I know he was full-bore with Phil at that time because he was doin’ all those sessions with Phil, you know, everything from the” Rock ‘n’ Roll” sessions with Lennon to Leonard Cohen, all that stuff Phil was doing.
Maybe 1991 I reconnected with David and Dan when they called me and said, “Hey, you wanna shoot for Phil? He needs a guy. We know you. We told Phil that you could be trusted to come in,” and this and that. And I said, “Absolutely, I’ll be there with bells on,” I told ‘em.
So I started shooting for Phil in ’93, and the first big gig I did was at the Rock ‘n’ Roll Hall of Fame ceremony in L.A. Phil came with the guys, and that was the first time I really had taken a bunch of different shots of him.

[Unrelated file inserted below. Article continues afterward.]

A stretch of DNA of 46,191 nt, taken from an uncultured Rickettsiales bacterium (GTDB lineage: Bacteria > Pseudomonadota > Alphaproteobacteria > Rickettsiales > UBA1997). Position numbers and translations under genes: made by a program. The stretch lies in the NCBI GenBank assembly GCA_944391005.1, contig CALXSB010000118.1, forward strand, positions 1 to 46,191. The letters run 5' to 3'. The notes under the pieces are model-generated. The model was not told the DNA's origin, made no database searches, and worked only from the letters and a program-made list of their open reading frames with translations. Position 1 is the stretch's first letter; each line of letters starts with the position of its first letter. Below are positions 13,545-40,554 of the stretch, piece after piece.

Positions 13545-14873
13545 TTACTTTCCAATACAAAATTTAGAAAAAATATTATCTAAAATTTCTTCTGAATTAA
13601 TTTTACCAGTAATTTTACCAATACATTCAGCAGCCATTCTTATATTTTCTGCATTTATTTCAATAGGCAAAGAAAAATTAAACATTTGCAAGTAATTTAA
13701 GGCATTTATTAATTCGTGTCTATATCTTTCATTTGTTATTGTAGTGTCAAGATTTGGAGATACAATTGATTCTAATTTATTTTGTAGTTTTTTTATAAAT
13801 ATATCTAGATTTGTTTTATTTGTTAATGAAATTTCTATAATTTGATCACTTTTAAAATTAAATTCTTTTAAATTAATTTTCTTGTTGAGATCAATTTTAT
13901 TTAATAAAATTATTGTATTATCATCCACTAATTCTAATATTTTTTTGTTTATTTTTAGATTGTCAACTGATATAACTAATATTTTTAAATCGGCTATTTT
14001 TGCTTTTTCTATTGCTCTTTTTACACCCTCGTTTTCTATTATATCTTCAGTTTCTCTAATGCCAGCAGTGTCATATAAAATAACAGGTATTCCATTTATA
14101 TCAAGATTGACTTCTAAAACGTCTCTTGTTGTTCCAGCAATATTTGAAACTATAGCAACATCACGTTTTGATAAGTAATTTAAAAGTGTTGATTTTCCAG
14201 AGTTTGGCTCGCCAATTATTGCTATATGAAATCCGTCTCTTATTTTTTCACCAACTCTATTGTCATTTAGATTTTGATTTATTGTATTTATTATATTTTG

Then I was just basically employed by him off and on, off and on a couple times in the ‘90s, but then it went really full-time like in ’99, 2000, when Phil started having his parties again, his Christmas parties, his bowling parties. Phil hired me to just shoot his parties and hang out, which I did, all the way until he got himself in trouble with the whole murder thing.
On the Cover: Tom Petty at The Forum, 2002
Sherrick: The shot was taken at the L.A. Forum; it was November 2002 when the album “The Last DJ” came out. Jackson Browne opened for him. It was a very, very nice gig, low-key, holiday weekend thing, even though I’m pretty sure the gig was sold out.
But it was only myself and one other photographer, I think it was Steve Granitz. He was a photographer I used to know many many years ago in Hollywood. I think he’s still shooting there. But he and I were literally the only two photographers in the pit, nobody else.